by Jude Southerland Kessler

It was 1966 … a late summer afternoon in my Cane River home in Natchitoches, LA. The Beatles’ LP Revolver was playing out in the last clicking grooves when I turned to Emily Moss and sighed, “John Lennon has lost his mind.” She nodded, and we sat in silence.

Trying desperately to find something to enjoy on the new Beatles album, we played it over and over again – Emily and I reluctantly latching on to McCartney’s “For No One” and “Eleanor Rigby,” even though we were dyed-in-the-wool “John girls.” But honestly, this album had left us feeling abandoned. Suddenly, and without warning, John and the rest of the lads were writing songs that had zero correlation to the music they’d been singing to us for years. These current offerings, we thought, were train wrecks.

“She Said She Said,” “Tomorrow Never Knows,” “Taxman” … where had the love songs gone?

“It’s awful,” Emily finally said, despondently. I gulped and nodded. We put Revolver back in its artistic cover, and for the next 40 years, my copy was pretty much left to its own devices.

Then in 2012, I read Robert Rodriguez’s insightful book Revolver: How The Beatles Re-imagined Rock’n’Roll, and at last, I comprehended the significance and artistry of that unique, landmark album. I finally grasped the necessity for Revolver in The Beatles’ career as they struggled for change and growth, desperately yearning to move beyond the “yeah, yeah, yeah’s” into a wider dimension of creativity. Under Rodriguez’s patient tutelage, I finally (almost 4 decades later) understood everything that had happened to The Beatles during the suffocating miasma that was labeled Beatlemania.

With the advent of 1966’s revolutionary Revolver, The Beatles (shaking off the confines of “The Fab Four” image) emerged as greatly improved, enhanced musicians – a band clothed in color where grey suits once had reigned supreme, a group employing exotic, world instruments where once there had been only rock’n’roll guitars, drums, and possibly, the odd harmonica or two. In 1966, The Beatles weren’t just thinking outside the box. They were beating the box all to hell. Pushing and experimenting, they obliterated boundaries and strode boldly into tomorrow.

It must have been terrifying for them…to stop mid-career and shake everything up completely.

You see, from 1962-1965 The Beatles experienced a lifestyle not dissimilar to what we’ve been enduring since 2020. They lived three non-stop years “safely” locked away inside fame’s narrow prison – sequestered in hotel rooms, dressing rooms, armored trucks, trains, planes, and automobiles. They repeated the same things over and over and over – until they were sick to death of touring, performing, interviewing, starring in films, and doing television shows. They dealt with the same people day in and day out. And they grew bone-weary of being at the beck and call of their manager, their producer, their film company, the press, and the public. As George Harrison would famously tell us, “It [was] all too much.”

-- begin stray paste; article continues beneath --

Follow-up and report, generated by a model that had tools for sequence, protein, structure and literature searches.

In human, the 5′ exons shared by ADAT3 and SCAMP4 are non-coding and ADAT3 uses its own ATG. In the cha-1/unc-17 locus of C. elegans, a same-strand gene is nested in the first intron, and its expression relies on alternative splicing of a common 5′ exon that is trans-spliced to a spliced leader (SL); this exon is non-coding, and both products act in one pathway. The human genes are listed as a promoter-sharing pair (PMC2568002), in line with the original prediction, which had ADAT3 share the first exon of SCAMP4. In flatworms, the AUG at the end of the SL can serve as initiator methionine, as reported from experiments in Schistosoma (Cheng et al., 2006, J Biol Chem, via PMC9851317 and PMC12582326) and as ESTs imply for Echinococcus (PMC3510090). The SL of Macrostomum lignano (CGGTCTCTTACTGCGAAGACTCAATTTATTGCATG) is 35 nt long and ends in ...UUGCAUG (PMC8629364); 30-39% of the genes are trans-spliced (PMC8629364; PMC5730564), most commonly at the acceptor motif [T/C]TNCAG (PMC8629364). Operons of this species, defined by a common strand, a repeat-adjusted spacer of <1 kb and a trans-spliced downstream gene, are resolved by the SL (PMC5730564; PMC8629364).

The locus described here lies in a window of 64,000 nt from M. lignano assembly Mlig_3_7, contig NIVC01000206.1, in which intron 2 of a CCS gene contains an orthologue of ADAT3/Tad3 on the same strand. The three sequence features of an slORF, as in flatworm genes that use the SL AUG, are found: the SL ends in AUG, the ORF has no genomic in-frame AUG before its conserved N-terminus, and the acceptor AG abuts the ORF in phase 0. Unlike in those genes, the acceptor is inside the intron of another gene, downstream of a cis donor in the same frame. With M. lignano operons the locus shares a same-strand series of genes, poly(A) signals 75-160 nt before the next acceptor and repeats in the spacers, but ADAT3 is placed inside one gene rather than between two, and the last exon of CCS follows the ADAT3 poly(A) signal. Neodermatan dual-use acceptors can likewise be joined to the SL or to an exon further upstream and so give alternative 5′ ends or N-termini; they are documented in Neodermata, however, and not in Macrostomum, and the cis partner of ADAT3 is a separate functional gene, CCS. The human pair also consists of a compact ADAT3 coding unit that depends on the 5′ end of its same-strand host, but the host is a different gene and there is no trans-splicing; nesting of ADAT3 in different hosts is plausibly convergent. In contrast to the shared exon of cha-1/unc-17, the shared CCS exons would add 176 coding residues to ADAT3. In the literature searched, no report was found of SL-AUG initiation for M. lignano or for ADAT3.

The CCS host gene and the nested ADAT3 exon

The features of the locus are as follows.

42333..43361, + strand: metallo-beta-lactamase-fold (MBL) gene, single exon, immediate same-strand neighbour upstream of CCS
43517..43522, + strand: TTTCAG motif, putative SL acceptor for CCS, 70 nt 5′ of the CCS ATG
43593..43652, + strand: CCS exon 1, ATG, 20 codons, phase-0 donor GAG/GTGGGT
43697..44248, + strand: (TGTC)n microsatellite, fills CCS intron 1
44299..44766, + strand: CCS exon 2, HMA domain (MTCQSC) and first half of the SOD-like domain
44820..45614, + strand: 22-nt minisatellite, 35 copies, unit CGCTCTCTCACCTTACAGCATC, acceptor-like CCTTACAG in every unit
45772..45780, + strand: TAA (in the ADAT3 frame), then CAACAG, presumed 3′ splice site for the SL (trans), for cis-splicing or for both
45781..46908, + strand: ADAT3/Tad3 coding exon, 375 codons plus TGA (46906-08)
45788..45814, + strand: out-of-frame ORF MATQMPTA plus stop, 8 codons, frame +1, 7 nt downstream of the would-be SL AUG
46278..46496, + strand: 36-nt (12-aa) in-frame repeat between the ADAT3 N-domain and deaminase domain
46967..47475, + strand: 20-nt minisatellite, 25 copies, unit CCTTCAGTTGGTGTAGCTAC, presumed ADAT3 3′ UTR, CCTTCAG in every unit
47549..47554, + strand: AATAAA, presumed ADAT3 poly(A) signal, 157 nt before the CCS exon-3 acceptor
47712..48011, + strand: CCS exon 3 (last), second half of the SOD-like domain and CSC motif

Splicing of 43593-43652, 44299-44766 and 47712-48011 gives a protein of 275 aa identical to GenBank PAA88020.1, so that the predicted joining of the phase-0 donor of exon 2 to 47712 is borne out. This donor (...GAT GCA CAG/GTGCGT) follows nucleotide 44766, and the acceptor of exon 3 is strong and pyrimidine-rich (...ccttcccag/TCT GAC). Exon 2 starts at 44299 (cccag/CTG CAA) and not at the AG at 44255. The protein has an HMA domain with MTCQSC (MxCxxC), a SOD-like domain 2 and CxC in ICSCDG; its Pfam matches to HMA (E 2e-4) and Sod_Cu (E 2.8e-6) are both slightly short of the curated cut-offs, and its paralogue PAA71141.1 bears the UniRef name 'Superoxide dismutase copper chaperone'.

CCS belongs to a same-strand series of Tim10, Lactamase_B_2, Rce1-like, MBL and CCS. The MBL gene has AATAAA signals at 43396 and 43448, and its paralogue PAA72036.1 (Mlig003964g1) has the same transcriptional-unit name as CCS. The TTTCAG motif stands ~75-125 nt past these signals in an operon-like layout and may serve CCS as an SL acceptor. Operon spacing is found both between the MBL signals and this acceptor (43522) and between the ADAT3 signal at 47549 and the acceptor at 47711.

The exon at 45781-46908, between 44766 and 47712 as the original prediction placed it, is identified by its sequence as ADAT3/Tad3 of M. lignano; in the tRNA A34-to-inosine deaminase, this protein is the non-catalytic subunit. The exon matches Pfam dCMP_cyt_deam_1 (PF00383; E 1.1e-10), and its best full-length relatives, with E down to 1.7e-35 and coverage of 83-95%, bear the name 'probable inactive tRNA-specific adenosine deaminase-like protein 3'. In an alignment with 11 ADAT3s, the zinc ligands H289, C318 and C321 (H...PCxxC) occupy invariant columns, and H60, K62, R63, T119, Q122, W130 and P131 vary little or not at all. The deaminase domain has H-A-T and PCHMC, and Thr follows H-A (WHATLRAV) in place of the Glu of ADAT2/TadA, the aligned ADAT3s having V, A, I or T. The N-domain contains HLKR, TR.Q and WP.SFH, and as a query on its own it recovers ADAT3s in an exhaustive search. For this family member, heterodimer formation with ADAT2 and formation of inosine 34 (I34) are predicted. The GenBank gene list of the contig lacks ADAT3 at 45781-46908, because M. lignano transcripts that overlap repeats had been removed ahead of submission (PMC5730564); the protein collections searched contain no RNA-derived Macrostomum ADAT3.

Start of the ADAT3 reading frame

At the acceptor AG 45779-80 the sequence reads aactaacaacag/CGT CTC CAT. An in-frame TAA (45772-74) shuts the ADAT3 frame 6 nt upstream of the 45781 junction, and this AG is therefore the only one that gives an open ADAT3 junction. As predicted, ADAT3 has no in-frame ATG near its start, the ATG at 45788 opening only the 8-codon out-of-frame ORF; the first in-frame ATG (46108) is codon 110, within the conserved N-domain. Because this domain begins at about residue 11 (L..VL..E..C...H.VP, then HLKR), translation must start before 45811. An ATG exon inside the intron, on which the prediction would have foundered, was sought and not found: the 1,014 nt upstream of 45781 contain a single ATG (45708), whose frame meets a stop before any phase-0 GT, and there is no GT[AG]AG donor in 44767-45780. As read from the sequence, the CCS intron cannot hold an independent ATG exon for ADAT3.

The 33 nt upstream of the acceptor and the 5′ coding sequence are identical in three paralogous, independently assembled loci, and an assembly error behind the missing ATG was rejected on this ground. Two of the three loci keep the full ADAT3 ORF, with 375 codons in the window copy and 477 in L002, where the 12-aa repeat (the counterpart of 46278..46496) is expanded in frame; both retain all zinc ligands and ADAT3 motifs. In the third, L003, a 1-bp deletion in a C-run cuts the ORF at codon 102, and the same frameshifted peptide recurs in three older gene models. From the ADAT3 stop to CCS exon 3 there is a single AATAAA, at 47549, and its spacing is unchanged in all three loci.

Therefore, by the end of 1965, John, Paul, George, and Ringo decided that if they wanted to survive, they would have to change. And that didn’t mean just talking about change; they would have to do it. Sick of the old, ready for the new, tired of constant isolation, and overwhelmed with the non-stop work that had gradually replaced their social lives, the boys felt compelled to move in a new direction … to step into 1966 ready to alter, adapt, and change.

It was a bold move. Tweaking the carefully-honed image that had produced hit records, gold albums, and Shea Stadium was risky. The boys knew they would be bucking public opinion. But being brave enough to reinvent themselves and “reimagine rock’n’roll” produced stunning results – results that transformed The Beatles into the most incredible studio band of the Twentieth Century. Their fearless retooling gave us not only Revolver but also Sgt. Pepper’s Lonely Hearts Club Band, the White Album, and the Let it Be project (heralded in the recent “Get Back” documentary.)

In his thought-provoking book Yes, And … noted theologian, Fr. Richard Rohr, wrote:

“You do not think yourself into a new way of living … you live yourself into a new way of thinking.”

And that’s precisely what The Beatles did in 1966.

You know, as we move toward the second anniversary of the 2020 Covid outbreak, this segment of Beatles history really speaks to me. There are so many parallels to the experience of living through a pandemic. We, too, were abruptly cut off from society; we too were forced to repeat the same events over and over … so endlessly that it’s difficult, many times, to even discern what day it is. As my friend says to me so often, “I don’t even know which end is up.”

Looking at the way that The Beatles reacted to this sort of existence, I wonder if 2022 isn’t a Revolver opportunity for us all. I wonder if 2022 might be the moment we decide to begin living creatively again. Maybe now is the time to discover the innovative songs we stored away in Covid-safe guitar cases – to dig out unfinished masterpieces, to  live ourselves into a new way of thinking and get back to work. Maybe the time has come to change our ways. Perhaps I should even consider tuning up the ole sitar?

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